View, Learn About Bald Eagles on the Skagit River

Bald eagle. Photo: Shawn wise

Bald eagle. Photo: Shawn wise

Everett, Wash. Dec. 16, 2013—It’s time to head over to the Skagit River and see one of the largest wintering populations of bald eagles in the lower 48 states. Visitors can view and learn about them from volunteers with the Eagle Watchers Program hosted by the US Forest Service. Three viewing stations with off-highway parking along North Cascades Highway 20 provide spotting scopes and binoculars to help you see the birds up close. Volunteers will staff stations Saturdays and Sundays, 10 a.m.-3 p.m. Dec. 21-Jan. 26.

Eagle Watcher stations are located at Howard Miller Steelhead Park in Rockport, Sutter Creek Rest area (milepost 100) and the Marblemount Fish Hatchery. Look for the yellow signs. View a map showing the viewing sites and learn more about Skagit River wildlife. Call 360-856-5700 ext. 515 for more information.

Eagle Watcher Harry Otta at the hatchery.

Eagle Watcher Harry Otta at the hatchery.

Skagit Eagle Festival honors native culture

 

Musican Peter Ali plays contemporary native flute tunes.

Musician Peter Ali is a self taught musician, who comments that his contemporary native music is played from the heart.

 

By Jeannie Briones, Tulalip News staff

The Skagit Eagle Festival is a month-long celebration that takes place during the peak of eagle-watching season in Eastern Skagit County, Washington. This January marks the 27th year for the festival, which offers fun activities that take place in Concrete, Rockport and Marblemount every Saturday and Sunday in January.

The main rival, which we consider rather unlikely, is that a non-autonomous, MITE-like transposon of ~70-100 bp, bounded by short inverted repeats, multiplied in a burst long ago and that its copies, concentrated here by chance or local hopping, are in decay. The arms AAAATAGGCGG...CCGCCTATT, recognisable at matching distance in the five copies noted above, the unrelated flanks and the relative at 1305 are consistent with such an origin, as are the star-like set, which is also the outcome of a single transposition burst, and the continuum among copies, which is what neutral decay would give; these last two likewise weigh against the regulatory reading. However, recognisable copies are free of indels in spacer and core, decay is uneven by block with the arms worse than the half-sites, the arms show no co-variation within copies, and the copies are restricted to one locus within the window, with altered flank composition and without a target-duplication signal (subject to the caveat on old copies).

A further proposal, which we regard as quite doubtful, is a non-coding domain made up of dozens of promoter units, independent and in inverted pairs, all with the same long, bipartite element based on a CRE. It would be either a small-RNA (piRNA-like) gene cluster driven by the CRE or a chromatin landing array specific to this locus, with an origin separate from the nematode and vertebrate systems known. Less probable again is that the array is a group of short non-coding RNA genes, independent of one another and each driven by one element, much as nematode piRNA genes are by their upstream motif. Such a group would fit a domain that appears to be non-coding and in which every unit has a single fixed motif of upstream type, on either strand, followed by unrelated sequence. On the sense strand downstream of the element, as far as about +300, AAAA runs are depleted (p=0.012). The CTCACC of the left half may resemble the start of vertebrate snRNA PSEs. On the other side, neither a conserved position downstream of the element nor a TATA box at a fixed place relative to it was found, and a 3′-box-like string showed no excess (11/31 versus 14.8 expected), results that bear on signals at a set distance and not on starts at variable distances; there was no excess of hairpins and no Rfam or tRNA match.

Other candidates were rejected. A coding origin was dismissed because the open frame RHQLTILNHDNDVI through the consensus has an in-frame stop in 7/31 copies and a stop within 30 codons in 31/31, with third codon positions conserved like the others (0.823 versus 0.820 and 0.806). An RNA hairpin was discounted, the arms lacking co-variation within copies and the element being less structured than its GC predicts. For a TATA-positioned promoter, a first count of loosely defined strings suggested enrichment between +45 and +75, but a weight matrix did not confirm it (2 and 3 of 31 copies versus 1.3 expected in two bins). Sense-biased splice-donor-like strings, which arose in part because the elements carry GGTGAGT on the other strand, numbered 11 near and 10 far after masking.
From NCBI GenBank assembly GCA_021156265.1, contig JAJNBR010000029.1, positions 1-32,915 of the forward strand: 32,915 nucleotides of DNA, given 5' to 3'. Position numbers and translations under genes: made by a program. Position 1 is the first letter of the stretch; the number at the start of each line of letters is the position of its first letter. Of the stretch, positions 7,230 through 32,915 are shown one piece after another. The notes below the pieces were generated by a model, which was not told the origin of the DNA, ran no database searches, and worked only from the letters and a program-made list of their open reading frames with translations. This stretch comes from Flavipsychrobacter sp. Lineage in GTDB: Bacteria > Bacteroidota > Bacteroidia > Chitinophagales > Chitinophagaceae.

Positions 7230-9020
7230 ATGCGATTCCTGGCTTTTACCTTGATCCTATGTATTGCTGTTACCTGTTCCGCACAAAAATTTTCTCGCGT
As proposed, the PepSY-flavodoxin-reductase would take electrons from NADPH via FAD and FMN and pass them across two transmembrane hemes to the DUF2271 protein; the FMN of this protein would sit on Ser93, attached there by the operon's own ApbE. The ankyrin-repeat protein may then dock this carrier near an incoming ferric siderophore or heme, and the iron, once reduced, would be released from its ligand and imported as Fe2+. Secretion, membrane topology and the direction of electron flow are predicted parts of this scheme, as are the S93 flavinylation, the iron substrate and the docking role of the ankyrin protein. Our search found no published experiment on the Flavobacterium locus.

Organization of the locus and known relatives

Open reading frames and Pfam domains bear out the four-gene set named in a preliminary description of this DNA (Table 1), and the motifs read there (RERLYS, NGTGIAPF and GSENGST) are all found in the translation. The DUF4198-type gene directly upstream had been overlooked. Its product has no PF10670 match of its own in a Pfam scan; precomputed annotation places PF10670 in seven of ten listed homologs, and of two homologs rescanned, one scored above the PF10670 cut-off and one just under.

On January 12th, in Marblemount, people came to join the festivities that were immersed in Native American culture. Jewelry, natural crafts, stone carvings, contemporary native flute music, storytelling, drumming and a puppet show, depicting the legend of how the Sockeye Salmon came to Skagit and the Baker River, were some of the sights and sounds offered to attendees, along with vendors selling homemade goods.

A vendor showcases beautiful wood work in Northwest Native American Coastal designs.

A vendor showcases beautiful wood work in Northwest Native American Coastal designs.

“Concrete, Rockport, and Marblemount are the three up-river towns that share in the celebration of the bald eagle festival with different events each weekend. The second week of January traditionally has been the weekend that Marblemount hosts the celebration that focuses on honoring and sharing native culture. We have been fortunate that a number of people have volunteered their time and effort to share what they do,” said Christie Fairchild, Komo Kulshan Outdoor School.

The Skagit Eagle Festival also features a variety free tours, educational programs, bird watching, crafts, and wine tasting.For more information about the Skagit Eagle Festival,  and events taking place through January, visit www.SkagitEagleFestival.com. From I-5, take Exit 232 (Cook Rd.), and drive east to the light at State Route 20 in Sedro-Woolley. Turn left and travel approximately 25 miles to Concrete (milepost 88), or continue to Rockport (milepost 98) and Marblemount (milepost 106).

 

Jeannie Briones: 360-716-4188; jbriones@tulaliptribes-nsn.gov